Denis "Jaromil" Rojo is an artist and a FOSS hacker. He's popularly known for Dyne:Bolic, a Live CD distribution that contains several applications for audio and video manipulation. As a programmer, he is author of several free software that present new possibilities for online radios. As an artist he is known for his netart performances and for crafting the most elegant and efficient 13-character forkbomb ever written.
LinuxWorld OpenSolutions Summit speaker Jeremy Allison explains some tricky details of Linux/Windows interoperability, what the Novell/Microsoft deal really does for interoperability, and a vision for a future easy-to-administer network filesystem.
Wow. What a year 2006 turned out to be for Novell. In case you're not familiar with the Microsoft/Novell deal, let me give you a brief overview. Sometime in 2006, Novell's CEO contacted Microsoft in order to reach an agreement to work together for the betterment of Linux and Windows software. Andreas Jaeger, sat down and talked about Microsoft, Linux and where the MS deal is taking SUSE.
David Korn received his undergraduate degree in mathematics from RPI in 1965 and his Ph.D. in applied mathematics from NYU's Courant Institute of Mathematical Sciences in 1969. After working on computer simulations of transsonic air foils, he switched fields to computer science and became a member of technical staff at Bell Laboratories in 1976. He is the creator of the KornShell, a command language for the UNIX environment, as well as UWIN, an X-Open library for Windows NT and Windows 95. In 1984, he was inducted as a Bell Labs fellow. He currently works for AT&T Research in Florham Park, NJ and graciously agreed to take a few moments and answer a few questions for our readers.
In this interview, Jens talks about how he got interested in Linux, how he became the maintainer of the block layer and other block devices, and what's involved in being a maintainer. He describes his work on IO schedulers, offering an indepth look at the design and current status of the CFQ scheduler, including a peek at what's in store for the future.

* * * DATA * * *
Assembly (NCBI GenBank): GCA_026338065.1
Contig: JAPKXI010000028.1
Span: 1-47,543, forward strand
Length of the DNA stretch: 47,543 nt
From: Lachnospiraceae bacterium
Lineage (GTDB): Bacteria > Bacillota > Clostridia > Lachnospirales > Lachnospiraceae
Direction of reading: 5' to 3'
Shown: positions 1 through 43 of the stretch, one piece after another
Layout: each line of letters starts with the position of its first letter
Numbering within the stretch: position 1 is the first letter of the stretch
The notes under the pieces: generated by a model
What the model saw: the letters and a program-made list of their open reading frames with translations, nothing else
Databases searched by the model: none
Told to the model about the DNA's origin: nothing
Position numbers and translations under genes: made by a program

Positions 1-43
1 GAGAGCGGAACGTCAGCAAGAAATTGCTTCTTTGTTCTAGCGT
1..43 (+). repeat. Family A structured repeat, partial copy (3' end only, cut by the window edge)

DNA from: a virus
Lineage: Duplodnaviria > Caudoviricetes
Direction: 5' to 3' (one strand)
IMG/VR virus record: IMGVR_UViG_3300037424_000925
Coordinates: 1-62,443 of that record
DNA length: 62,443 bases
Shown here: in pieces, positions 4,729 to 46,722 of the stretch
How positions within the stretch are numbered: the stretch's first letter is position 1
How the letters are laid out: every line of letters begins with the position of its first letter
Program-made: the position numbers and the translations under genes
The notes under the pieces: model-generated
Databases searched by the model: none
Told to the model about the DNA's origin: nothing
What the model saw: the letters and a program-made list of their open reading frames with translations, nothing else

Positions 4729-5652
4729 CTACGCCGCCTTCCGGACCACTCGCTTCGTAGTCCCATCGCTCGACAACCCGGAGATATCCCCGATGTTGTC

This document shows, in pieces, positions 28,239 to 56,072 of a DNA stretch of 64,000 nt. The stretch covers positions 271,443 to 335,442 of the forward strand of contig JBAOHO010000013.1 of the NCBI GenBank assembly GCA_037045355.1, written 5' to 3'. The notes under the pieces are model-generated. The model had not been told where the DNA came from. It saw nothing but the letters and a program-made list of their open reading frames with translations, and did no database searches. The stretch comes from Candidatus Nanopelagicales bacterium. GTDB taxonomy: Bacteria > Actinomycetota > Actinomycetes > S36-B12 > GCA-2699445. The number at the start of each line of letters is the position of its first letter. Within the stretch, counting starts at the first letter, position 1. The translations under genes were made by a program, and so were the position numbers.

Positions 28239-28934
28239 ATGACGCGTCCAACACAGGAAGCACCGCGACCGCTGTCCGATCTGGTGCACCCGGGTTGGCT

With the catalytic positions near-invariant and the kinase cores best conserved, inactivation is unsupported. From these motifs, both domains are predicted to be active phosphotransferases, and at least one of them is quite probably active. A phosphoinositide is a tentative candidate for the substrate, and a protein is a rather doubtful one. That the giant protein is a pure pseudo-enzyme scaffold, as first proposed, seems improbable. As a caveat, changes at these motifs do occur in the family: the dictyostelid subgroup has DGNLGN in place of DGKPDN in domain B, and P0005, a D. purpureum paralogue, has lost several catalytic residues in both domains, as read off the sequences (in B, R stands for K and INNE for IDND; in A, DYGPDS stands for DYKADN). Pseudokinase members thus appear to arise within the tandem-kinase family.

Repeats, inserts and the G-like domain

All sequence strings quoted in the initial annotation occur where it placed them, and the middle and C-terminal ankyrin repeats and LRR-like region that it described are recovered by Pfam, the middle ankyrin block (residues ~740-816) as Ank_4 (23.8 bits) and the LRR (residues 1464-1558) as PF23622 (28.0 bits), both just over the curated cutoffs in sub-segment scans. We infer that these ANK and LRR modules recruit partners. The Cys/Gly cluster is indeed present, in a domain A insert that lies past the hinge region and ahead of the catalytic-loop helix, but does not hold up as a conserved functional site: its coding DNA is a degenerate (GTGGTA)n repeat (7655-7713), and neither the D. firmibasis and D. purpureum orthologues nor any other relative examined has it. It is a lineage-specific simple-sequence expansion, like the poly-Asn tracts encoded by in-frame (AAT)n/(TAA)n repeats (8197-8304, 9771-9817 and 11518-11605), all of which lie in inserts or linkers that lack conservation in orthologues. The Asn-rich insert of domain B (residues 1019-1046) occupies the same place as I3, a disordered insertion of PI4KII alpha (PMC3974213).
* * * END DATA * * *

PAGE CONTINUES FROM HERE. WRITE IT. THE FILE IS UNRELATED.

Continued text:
FVWM-Crystal aims to create an easy to use, eye-candy but also powerful desktop environment for Linux or other Unix-like operating systems. I wanted to meet the developer, Maciej Delmanowski, in order to find out more interesting stuff and secrets about his project.
The Open Source Development Labs (OSDL) and Free Standard Group (FSG) merged on Jan. 21, creating the Linux Foundation, a single entity aiming to take responsibility for Linux standardization, promotion, and protection. LinuxDevices.com wasted no time interviewing Jim Zemlin, the new mega-organization's executive director.
I’ve known about, written about and even participated in the Ubuntu Studio project (in a limited capacity) in the past. After hanging around in the project’s IRC channel for a bit I got to chat with Ubuntu Studio’s Project Manager! I did get Cory Kontros to take a bit of time with me for a quick interview on the status of this upcoming project.
PC-BSD 1.3 was released on New Year's Eve. Dru Lavigne interviewed three members of the PC-BSD release engineering team regarding the new release and their involvement within the PC-BSD community.
The Dunc-Tank project has been the topic of much debate in the Debian community since it was launched in September last year. It has now been more than a month since the scheduled release of Debian 4.0, codenamed etch. However, even with Dunc-Tank's funding, etch is yet to be seen.